Sunday 5 September 2010

Colin (2008)

Director: Marc Price
Stars: Alastair Kirton, Daisy Aitkens, Kate Alderman, Tat Whalley and Leane Pammen

Remember when El Mariachi was lauded by all and sundry because Robert Rodriguez made it for a mere $7,000? Critic Joe Queenan even wrote a book about how he made his own movie for $6,998 just to outdo him. Of course El Mariachi was boosted up after the fact by a lot of post production on Columbia's dime after they bought the distribution rights. Of course Queenan's movie sucked, so badly that he has never released Twelve Steps to Death and we can only enjoy the screenplay that's available in his book about his experiences making it. Nowadays everyone seems to have access to equipment that allows them to make a movie and the only question left is how good it's going to be. Many microbudget films suck, pure and simple; many more are inherently hindered by their lack of budget, however much fun they are. Colin, which was a surprise hit at Cannes in 2009, can only dream about $7,000. British filmmaker Marc Price made it for £45. That's about $70.

There are some justifications for this nigh on insane claim, but there are numbers that are a little more believable than others and $70 for a feature length movie is on the wrong side of that line. Apparently he shot it on a Panasonic mini-DV camcorder that he already owned, and which at ten years old was an industry antique. He cast it with amateur actors who answered casting calls on Facebook and MySpace and were willing to work for free and bring their own make-up. He edited it on his home PC with a copy of Adobe Premiere from school. It looks cheap, that's for sure, most obviously with the often dim lighting and the handheld scenes of action where it's often difficult to track what's going on. $70 is so slight that it doesn't allow for a lot of batteries, let alone bus fare to get to locations. Price said that it paid for 'a crowbar and a couple of tapes', plus 'some tea and coffee as well: not the expensive stuff either, the very basic kind. Just to keep the zombies happy.'

What makes this zombie movie special is that it's effectively told from the perspective of a zombie. While it initially seems that Colin has survived a zombie attack at the beginning of the film, he's soon bitten for sure and his life (or undeath) as a zombie begins the next morning as he falls out of his window and is reintroduced to the world. He stumbles around as if he's retarded, staying alive through luck rather than judgement. We watch him learn how to move, then how to find food and how to keep it. We see him connect to a slight degree with memories of his former life, like road signs, Duplo blocks and earphones, but when his sister saves him from a couple of muggers who are more after his trainers than his existence, he fails to recognise who she is. Her looks round the corner as he shambles away are touching. There's much to admire here beyond the initial concept which suddenly seems so obvious that it's surprising George Romero hadn't already made it.
In particular the film looks good, entirely ignoring the budget and the technical limitations that it imposes. I'm talking about the composition of frame, the camera motion and the angles that the film is shot from. The folks who pointed the camera came up with all sorts of intriguing places to point it from: inside basements of houses Colin passes by, shot through grates; from the other side of doors; and at one point even from inside a TV set as Colin tries to figure out what all the static is. After his sister Linda effectively kidnaps him and takes him back to their parents' house to see if it will trigger memories and perhaps bring him out of the state he's found himself in, we watch a lot of scenes through windows. We watch him scramble at the glass as his family bicker outside about a plan of action. We watch Linda look in at him in despair as she realises nothing is going to change. We watch his mother sadly paste up newspaper to hide the pair of them inside.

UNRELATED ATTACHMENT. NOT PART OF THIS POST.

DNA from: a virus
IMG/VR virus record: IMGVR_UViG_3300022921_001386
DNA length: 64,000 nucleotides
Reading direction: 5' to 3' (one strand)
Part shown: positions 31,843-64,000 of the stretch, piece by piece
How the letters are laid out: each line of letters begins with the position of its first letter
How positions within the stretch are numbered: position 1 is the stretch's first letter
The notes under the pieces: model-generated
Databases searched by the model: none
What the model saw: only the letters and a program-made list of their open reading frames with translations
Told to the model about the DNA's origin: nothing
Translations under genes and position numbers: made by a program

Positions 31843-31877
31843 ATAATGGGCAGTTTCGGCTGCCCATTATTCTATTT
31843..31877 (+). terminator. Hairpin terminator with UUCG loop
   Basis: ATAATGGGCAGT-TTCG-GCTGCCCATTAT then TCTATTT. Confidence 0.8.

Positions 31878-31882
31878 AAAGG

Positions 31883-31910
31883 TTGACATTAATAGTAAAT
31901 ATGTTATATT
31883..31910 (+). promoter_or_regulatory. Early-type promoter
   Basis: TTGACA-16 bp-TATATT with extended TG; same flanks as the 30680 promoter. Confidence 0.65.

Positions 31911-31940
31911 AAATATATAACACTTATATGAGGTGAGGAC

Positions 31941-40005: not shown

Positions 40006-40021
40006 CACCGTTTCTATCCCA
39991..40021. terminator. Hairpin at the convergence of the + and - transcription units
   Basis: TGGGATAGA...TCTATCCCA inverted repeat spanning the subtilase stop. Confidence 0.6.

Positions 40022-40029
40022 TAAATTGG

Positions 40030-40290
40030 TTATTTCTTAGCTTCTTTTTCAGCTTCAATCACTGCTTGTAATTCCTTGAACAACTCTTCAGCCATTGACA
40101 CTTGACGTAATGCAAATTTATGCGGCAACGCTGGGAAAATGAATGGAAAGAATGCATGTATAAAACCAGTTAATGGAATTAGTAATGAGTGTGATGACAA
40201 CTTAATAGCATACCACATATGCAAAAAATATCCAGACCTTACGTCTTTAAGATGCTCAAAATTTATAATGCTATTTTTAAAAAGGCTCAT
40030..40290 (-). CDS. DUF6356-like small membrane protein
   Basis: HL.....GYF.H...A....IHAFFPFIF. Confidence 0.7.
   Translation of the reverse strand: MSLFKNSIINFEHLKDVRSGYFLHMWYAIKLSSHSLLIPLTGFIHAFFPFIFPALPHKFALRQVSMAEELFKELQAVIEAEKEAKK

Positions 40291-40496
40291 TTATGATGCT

The house siege is an exercise in inevitability and it runs too long, like the most demented rave of all time. A large number of zombies overwhelm a few people in a confined space and there's no way it would ever have ended any differently. Later the opposite happens: as Colin finds himself in a crowd of zombies, a large number of humans arrive aiming to take them down. There's a great shot of a stick of dynamite rolled in underneath them and the ensuing chaos is believably chaotic. While most of them launch in like it's a riot, their very calm but notably scary leader takes out the eyes of zombies with a slingshot or a hammer. It gets truly brutal when the survivors are tasked with killing those of their number that were bitten, bludgeoning them to death, because while there's an omnipresent background noise of gunshots that pervades the film like static, this death squad don't have any guns.

It's impossible not to witness the power behind this film, which gives us a sympathetic hero in the form of a zombie. Alastair Kirton's performance is a powerful one and is really less comparable to other zombie roles and more to portrayals of the mentally ill or seriously disabled. It's far easier to roam around with blood on your face and moan a lot than it is to find a way to do it with sympathy. The ending, with its flashbacks to events that took place just before the film began, is a powerful one and I don't remember a scene in a zombie movie quite that touching. By this time we're no longer focusing on the $70 budget gimmick and we're engrossed in Colin's story, the theme by Dan Weekes and the excellent sound helping no end. While the visuals certainly need work, the sound is solid throughout, not just in what we hear but in what we don't hear. The most touching scene is entirely silent. For $70, this is amazing, but it's pretty damn good whatever the budget.

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